A graduate of North High School, Mrs. Preston attended George Peabody College for Teachers at Vanderbilt University. She started her career as a mail messenger for National Life & Accident Insurance Company in Nashville. The company also owned legendary country radio station WSM and while serving as a receptionist for WSM, she began hosting a fashion and style program on WSM-TV. She moved into the promotions department, working on telethons and the annual disc jockey conventions that eventually grew into Fan Fair (now the CMA Music Festival).

In 1958, she was hired to open a Nashville office for BMI, which she ran with an assistant from her parents’ garage. In 1962, BMI opened its own offices on 16th Avenue South, in the heart of Music Row.

Under Mrs. Preston’s direction, BMI became the first organization to dedicate an awards program to the songwriters and music publishers who created the songs that made Nashville “Music City.” She became known as a champion for the rights of these artists and over the years she worked with such well-known singers and songwriters as Kris Kristofferson, Tom T. Hall, Dolly Parton, Roy Orbison, Willie Nelson, Merle Haggard, Loretta Lynn, Conway Twitty, Waylon Jennings and Tammy Wynette.

Mrs. Preston’s influence was so great that she was honored on many stages over the years. In 1992, she was inducted into the Country Music Hall of Fame and was welcomed into the Gospel Music Hall of Fame in 2004 and the Broadcasting & Cable Hall of Fame in 1999. At the 1998 Grammys she received a National Trustees Award, the greatest recognition given to a non-performer.

During her work with the Martell Foundation, she helped launch the “Country in the Rockies” ski and music fest, held for several years in Crested Butte, Colo. Many Vanderbilt-affiliated individuals attended these events where famous singers and songwriters provided entertainment and mingled with researchers and donors. “Country in the Rockies” was one of the most successful fundraising events hosted by the nonprofit foundation.

“Frances was just one of those special individuals you rarely come across in a lifetime,” said C. Wright Pinson, MBA, M.D., Deputy Vice Chancellor for Health Affairs and CEO of the Vanderbilt Health System. “She was a revered pioneer, serving as a beacon to others in the music industry. She also pioneered the successful marriage of music and medicine, working tirelessly to further cancer research and new treatments by graciously supporting the Frances Preston Laboratories at the Vanderbilt-Ingram Cancer Center. Through her longtime relationship with Vanderbilt, and through the T.J. Martell Foundation, her legacy of leadership and philanthropy will live on.”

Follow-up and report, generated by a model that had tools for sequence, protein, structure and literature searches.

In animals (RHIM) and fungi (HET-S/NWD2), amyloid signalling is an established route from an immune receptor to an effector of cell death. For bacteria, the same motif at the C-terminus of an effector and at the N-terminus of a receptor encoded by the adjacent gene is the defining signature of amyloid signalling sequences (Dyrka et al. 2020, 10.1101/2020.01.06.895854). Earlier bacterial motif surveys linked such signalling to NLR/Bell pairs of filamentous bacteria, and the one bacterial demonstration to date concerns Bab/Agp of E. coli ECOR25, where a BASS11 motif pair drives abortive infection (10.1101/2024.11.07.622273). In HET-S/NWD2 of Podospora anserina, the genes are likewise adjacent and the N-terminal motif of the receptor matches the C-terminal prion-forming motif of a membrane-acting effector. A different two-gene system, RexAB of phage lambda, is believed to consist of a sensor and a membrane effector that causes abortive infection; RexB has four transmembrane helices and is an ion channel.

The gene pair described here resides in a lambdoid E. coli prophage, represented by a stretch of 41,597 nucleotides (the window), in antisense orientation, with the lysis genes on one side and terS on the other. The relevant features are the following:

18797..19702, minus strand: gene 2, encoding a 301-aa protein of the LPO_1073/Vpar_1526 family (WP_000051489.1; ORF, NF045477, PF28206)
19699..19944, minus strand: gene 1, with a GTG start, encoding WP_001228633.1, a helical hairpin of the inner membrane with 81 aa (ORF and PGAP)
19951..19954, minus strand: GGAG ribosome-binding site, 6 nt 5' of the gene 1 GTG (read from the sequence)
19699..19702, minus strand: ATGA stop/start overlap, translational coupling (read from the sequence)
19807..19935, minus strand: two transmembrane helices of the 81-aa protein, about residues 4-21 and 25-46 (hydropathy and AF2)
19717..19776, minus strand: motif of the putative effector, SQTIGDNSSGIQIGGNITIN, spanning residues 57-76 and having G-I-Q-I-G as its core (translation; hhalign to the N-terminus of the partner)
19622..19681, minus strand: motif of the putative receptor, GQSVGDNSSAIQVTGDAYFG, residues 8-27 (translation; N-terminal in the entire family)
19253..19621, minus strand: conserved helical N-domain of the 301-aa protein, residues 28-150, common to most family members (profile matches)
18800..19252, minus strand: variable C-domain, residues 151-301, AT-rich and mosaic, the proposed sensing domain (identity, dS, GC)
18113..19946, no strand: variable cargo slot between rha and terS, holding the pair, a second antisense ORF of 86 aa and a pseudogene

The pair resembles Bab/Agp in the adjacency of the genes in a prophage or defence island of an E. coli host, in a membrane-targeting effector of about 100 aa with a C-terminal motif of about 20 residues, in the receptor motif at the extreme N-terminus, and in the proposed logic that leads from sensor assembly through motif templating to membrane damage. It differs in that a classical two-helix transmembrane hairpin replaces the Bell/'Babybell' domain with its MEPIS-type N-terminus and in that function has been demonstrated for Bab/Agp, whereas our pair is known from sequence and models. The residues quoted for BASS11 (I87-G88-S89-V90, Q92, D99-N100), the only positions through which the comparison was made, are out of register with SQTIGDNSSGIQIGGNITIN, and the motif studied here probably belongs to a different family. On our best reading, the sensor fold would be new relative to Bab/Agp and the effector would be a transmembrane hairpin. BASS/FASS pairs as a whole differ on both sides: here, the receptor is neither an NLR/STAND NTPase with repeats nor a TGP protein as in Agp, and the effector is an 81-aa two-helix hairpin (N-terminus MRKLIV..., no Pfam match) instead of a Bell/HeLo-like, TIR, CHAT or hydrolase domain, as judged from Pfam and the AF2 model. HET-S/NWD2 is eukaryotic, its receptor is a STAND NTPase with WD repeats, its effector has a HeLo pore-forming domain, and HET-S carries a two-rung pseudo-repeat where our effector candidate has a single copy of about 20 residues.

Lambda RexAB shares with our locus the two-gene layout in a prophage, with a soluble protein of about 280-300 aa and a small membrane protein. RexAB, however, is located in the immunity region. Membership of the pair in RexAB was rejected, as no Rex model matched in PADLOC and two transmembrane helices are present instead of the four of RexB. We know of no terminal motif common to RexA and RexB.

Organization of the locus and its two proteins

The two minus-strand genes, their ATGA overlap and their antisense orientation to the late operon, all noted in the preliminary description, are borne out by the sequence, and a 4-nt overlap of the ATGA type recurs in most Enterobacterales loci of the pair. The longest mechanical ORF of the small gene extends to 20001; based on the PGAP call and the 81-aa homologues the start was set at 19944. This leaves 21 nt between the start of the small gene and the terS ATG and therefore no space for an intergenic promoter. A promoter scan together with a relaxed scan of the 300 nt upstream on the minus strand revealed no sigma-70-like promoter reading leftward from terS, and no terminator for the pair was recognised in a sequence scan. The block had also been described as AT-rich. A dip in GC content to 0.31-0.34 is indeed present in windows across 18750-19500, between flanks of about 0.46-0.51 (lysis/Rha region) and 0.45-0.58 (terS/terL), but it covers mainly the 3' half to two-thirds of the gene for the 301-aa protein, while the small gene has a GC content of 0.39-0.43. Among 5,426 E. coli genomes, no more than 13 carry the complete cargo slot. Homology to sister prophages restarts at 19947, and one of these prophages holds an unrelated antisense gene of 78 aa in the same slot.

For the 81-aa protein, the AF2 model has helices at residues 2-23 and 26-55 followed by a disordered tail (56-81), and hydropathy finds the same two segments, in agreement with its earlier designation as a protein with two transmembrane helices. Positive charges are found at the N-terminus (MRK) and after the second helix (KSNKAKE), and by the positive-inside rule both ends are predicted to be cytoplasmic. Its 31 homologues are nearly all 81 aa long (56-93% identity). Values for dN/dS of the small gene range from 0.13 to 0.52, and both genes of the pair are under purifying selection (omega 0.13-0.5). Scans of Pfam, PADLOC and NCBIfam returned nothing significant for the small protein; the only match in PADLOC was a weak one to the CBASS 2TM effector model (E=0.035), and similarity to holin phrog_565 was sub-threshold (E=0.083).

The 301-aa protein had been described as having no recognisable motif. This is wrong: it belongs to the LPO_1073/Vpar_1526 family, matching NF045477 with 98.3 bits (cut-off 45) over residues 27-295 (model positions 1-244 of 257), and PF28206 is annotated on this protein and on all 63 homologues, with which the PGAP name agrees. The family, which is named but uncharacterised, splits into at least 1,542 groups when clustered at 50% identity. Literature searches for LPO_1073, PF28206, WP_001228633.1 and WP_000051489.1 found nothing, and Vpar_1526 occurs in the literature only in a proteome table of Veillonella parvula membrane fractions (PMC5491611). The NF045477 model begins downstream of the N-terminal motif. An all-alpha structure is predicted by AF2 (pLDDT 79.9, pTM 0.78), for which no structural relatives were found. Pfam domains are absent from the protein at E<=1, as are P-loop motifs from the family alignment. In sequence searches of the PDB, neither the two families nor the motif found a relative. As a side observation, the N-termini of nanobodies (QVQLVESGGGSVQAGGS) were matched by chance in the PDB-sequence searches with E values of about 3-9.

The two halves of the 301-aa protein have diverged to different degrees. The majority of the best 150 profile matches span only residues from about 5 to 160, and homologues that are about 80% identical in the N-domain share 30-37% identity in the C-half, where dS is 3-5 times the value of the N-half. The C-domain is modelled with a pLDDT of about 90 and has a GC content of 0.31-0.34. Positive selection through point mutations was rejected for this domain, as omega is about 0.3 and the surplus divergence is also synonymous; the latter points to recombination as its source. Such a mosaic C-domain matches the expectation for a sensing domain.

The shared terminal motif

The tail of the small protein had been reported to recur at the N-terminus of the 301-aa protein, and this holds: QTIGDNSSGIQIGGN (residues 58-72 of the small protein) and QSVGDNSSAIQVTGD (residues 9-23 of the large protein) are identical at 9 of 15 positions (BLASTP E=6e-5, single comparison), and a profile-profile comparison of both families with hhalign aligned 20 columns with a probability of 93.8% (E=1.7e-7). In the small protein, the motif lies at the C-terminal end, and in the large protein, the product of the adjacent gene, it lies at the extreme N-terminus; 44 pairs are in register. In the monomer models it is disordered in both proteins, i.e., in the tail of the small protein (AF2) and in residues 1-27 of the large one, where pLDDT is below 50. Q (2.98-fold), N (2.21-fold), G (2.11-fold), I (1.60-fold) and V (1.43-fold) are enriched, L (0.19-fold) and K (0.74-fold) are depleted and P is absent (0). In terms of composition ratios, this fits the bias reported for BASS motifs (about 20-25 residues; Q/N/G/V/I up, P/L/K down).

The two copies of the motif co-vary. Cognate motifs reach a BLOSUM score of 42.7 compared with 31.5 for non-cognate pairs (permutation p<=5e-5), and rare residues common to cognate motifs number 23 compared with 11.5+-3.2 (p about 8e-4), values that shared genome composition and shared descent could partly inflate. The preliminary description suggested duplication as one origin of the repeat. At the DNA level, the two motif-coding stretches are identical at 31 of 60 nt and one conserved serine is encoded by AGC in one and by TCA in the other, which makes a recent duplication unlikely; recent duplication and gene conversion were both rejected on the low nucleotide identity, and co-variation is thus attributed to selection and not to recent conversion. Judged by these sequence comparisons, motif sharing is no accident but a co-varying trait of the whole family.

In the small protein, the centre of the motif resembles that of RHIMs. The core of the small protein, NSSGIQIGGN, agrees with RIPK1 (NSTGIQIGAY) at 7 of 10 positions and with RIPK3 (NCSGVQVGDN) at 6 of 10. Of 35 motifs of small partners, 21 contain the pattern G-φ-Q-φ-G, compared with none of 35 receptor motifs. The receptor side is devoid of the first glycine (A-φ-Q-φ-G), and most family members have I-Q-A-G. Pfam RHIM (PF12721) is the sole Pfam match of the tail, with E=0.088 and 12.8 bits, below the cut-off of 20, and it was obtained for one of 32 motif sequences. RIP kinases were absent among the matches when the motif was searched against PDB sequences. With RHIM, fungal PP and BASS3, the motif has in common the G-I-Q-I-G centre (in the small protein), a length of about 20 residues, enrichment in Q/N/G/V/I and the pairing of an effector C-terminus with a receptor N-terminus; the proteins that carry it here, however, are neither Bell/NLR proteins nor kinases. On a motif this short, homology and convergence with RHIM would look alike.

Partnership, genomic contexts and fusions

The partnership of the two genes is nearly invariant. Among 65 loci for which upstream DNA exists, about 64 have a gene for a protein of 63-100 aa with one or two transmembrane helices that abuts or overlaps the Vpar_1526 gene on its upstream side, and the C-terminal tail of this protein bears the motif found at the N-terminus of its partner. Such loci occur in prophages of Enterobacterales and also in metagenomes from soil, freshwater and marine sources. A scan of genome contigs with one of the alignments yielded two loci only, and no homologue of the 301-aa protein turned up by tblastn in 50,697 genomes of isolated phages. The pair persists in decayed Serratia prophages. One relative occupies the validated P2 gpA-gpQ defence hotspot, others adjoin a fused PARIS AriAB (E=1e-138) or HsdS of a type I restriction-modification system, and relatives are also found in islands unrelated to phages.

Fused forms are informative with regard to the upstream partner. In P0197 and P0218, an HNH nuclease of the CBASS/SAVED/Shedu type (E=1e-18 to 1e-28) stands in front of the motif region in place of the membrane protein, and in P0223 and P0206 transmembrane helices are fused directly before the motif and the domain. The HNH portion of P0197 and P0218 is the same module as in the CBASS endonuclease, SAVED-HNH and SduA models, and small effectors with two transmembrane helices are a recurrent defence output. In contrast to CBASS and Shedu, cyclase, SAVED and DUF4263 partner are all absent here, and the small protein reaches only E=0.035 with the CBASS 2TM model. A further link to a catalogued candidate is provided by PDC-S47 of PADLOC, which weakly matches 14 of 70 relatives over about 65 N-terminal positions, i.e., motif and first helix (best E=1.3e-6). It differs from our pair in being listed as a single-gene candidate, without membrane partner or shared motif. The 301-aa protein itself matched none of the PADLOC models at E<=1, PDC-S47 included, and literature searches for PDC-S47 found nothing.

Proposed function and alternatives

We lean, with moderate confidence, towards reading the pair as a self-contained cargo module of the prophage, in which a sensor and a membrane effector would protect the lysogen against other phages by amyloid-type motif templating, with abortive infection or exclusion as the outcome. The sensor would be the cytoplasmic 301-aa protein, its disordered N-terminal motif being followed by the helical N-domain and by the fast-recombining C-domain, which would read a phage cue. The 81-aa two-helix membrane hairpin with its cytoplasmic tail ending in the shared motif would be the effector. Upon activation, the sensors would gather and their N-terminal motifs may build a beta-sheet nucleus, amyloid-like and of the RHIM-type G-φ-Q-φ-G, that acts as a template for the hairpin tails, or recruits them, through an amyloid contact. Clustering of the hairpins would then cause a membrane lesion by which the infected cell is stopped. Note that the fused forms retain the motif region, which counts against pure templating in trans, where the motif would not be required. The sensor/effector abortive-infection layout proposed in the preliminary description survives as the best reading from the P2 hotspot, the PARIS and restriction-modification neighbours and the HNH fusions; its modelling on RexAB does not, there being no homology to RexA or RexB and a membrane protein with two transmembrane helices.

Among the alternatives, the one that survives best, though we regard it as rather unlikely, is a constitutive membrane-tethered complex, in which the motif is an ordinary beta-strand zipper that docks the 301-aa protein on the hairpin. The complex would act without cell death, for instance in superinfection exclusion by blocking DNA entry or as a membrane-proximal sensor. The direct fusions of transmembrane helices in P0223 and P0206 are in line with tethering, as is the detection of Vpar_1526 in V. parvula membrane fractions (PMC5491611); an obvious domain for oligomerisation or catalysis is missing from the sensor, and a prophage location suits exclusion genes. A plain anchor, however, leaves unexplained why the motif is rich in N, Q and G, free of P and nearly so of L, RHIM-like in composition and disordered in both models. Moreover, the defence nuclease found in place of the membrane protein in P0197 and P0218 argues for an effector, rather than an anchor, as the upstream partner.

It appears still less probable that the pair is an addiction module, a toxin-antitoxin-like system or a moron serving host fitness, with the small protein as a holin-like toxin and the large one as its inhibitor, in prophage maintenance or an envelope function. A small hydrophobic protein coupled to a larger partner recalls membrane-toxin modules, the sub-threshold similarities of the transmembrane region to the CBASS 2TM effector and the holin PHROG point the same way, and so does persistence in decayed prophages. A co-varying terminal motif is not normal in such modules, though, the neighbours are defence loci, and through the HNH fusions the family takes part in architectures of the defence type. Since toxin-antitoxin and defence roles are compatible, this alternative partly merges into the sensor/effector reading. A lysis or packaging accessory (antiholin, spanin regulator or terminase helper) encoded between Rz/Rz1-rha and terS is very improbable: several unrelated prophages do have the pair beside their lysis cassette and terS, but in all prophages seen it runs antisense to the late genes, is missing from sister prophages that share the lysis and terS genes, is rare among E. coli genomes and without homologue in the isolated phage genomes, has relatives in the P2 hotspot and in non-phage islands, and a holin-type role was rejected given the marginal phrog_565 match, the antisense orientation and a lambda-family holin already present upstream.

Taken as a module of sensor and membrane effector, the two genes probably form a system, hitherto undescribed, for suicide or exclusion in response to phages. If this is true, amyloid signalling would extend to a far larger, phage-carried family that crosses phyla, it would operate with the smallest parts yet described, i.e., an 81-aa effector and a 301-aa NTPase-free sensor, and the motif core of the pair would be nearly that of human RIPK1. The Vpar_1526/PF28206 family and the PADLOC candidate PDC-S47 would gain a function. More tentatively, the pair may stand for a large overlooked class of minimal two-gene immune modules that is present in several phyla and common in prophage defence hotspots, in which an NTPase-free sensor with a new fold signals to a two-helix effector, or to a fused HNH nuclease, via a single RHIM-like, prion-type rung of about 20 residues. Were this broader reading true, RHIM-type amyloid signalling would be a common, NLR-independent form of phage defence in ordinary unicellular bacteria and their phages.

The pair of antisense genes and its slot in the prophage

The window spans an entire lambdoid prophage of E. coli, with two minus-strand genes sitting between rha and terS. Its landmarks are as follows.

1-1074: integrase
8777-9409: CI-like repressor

Mrs. Preston’s survivors include three sons, six grandchildren and a great-grandchild.

Visitation for family, friends and colleagues will be held Sunday, June 17, from 5 to 9 p.m. at the Country Music Hall of Fame, where Mrs. Preston will lie in repose in the Rotunda. A private funeral will take place at First Lutheran Church, with a private graveside service and burial to follow at Nashville’s Spring Hill Cemetery.

Spring Hill Funeral Home & Cemetery, 5110 Gallatin Road, is handling the arrangements.

Memorial contributions may be made to the T. J. Martell Foundation, 15 Music Square West, Nashville, Tenn., 37203, 256-2002 or the Frances Williams Preston Laboratories at the Vanderbilt-Ingram Cancer Center, 2301 Vanderbilt Place, Nashville, Tenn., 37240-7727 (c/o Gifts Processing PMB 407727), 936-0233.